For most of us, our journeys have come to an end when we die (at least, in the terrestrial sense). Once they incinerate you, toss you in a box, or donate you to science, the odds of you going on a globetrotting adventure are pretty slim. But not if you're a famous person. In that case, your remains suddenly become valuable souvenirs. That's why ...
5Frederic Chopin's Heart Was Stolen By Nazis
While on his deathbed in Paris, legendary composer Frederic Chopin asked for his heart to be cut out and then buried a thousand miles away from the rest of his rotting body. We'd have to say this is about the most metal funeral request we've ever heard, second only to JFK insisting that his grave be, "Just like, on fire. All the time."
Back then, being mistakenly buried alive by bumbling, impatient undertakers was a legitimate concern, so it could be that Chopin just wanted to make one billion percent certain he was dead before anyone tried stuffing him into the ground. Any possible secret motives notwithstanding, what he told his sister was that he wanted a piece of him to be carried back to his home of Warsaw, Poland to be buried, since by that time, he was far too ill to make the journey himself, and nobody wants to ship a whole dead guy all the way from France to Poland.
So once Chopin finally passed beyond our realm, his sister did as he bade and had her brother's heart removed and dropped into a vial of Cognac to be smuggled into Poland. However, rather than carry out the least-insane portion of his request, she chose not to bury it, but to enshrine it in the Holy Cross Church, where it sat for decades as a symbol of Polish pride ... until the Nazis showed up and ruined everything (as they do).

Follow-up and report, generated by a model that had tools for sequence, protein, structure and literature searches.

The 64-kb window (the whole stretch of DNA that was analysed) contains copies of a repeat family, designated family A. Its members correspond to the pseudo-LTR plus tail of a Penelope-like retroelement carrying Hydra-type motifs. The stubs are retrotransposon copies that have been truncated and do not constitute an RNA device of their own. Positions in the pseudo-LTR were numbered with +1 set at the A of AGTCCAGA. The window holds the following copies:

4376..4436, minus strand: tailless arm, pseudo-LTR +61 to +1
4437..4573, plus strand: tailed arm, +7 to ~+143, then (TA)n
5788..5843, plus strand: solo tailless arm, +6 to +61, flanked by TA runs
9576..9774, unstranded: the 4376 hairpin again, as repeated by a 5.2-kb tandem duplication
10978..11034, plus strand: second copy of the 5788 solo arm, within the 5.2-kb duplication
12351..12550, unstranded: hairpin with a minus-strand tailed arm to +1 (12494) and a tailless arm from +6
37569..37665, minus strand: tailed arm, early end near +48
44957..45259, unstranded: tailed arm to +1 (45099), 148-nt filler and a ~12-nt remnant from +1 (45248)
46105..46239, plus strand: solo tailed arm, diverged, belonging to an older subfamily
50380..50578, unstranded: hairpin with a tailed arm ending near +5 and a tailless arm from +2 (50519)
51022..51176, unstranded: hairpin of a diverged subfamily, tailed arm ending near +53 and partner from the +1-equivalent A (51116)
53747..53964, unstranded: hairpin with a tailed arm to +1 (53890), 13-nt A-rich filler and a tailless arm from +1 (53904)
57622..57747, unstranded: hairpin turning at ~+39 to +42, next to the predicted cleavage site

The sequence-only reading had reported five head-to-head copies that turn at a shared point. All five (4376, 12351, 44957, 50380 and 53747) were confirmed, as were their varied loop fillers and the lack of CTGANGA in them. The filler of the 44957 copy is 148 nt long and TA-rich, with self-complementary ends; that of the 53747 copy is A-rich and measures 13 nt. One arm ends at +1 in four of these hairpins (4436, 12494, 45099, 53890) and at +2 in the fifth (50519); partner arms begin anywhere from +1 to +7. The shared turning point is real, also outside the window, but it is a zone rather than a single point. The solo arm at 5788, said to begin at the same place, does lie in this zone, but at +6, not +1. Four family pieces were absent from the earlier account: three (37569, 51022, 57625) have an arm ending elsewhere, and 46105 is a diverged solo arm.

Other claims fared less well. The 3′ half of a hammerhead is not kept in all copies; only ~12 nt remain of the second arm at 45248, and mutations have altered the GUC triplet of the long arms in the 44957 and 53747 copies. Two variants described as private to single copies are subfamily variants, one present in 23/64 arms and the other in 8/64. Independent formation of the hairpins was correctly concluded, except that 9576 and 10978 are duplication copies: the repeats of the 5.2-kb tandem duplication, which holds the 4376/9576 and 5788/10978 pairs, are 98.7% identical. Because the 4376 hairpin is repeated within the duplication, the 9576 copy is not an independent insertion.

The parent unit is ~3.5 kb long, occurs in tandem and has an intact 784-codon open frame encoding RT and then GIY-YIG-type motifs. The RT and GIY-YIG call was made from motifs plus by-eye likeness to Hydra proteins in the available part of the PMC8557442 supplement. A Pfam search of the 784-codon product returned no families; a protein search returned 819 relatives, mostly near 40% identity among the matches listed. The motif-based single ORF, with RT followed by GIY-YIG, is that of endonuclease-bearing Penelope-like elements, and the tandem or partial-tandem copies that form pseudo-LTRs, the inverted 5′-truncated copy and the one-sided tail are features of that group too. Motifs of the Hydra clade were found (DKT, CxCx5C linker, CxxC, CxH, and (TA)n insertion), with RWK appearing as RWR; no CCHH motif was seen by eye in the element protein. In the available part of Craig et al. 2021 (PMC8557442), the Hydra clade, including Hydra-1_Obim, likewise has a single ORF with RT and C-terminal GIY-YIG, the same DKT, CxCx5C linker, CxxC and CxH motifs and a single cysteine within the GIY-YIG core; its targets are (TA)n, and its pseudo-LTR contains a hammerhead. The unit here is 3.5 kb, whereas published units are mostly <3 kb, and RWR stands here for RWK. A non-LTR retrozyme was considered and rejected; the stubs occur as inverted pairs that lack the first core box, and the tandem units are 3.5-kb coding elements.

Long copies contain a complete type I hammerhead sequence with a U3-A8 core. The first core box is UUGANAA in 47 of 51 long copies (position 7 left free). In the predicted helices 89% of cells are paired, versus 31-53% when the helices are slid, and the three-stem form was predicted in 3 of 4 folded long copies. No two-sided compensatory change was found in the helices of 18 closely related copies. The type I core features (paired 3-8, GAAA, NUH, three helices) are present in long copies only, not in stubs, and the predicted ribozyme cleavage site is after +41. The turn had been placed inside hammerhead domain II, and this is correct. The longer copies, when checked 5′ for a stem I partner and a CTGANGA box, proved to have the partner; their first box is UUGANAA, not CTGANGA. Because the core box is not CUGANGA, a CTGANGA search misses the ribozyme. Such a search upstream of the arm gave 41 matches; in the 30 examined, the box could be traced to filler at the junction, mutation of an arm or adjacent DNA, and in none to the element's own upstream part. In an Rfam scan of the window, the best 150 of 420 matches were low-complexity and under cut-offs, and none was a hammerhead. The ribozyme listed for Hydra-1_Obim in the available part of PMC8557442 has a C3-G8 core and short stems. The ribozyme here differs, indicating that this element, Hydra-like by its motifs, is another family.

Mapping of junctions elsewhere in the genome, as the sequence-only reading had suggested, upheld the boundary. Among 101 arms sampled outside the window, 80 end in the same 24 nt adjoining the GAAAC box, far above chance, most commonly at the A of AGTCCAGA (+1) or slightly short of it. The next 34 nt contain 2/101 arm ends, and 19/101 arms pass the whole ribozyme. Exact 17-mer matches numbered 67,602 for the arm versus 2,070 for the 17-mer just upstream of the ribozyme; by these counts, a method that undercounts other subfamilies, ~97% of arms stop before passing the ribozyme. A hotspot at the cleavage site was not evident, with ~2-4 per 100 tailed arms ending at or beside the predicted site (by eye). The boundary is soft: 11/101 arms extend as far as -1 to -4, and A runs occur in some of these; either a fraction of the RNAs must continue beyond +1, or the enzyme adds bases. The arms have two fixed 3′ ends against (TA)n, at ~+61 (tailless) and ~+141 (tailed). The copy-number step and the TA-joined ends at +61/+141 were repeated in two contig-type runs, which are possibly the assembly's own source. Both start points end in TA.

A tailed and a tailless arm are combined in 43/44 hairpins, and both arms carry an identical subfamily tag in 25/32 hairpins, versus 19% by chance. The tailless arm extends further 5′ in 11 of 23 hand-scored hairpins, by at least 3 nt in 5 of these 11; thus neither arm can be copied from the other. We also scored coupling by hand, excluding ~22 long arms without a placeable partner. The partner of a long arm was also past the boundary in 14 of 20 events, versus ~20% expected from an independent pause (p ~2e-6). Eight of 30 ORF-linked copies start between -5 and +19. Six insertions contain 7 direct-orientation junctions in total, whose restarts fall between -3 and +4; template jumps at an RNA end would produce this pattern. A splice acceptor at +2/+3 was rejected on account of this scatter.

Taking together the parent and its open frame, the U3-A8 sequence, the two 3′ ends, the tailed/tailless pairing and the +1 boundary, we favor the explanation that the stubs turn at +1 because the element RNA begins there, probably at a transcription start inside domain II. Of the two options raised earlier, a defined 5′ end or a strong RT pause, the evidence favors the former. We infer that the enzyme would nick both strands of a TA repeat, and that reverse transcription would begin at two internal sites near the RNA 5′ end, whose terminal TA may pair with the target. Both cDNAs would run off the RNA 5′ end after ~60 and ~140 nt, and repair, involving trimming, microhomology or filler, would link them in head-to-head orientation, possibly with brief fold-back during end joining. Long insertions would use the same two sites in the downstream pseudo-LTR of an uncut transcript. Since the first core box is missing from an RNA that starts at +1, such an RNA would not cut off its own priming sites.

"Be cool, Poland. We're sure this won't escalate any further."
Chopin had been targeted by the Third Reich's campaign of historical obliteration -- all of his music was outlawed, and any statues or images of him were destroyed. Fearful that the Nazis would destroy Chopin's heart (which they absolutely would have), a sympathetic German priest named Schulze offered to take it away from the war zone. The Polish priests accepted the kind proposal and entrusted the heart to Schulze ... who immediately turned it over to the Nazis, with whom he shared a rousing chorus of treacherous German laughter.
Luckily, the Nazi who claimed the heart was Heinz Reinefarth, a huge Chopin admirer who was appalled by the thought of destroying such an artifact. He made sure the organ stayed intact until it was eventually returned it to the Polish, who, having learned a powerful lesson about trusting World-War-II-era Germans, kept it hidden in the village of Milanowek just in case Reinefarth changed his Nazi mind. When the war finally ended, the heart was returned to its place in the Holy Cross Church. Which, as you may recall, is still not where Chopin wanted it to be.
WOJTEK RADWANSKI/AFP/Getty Images
He should really speak to someone about that.
4The Liver of Mary Shelley's Husband Was Traded Between His Friends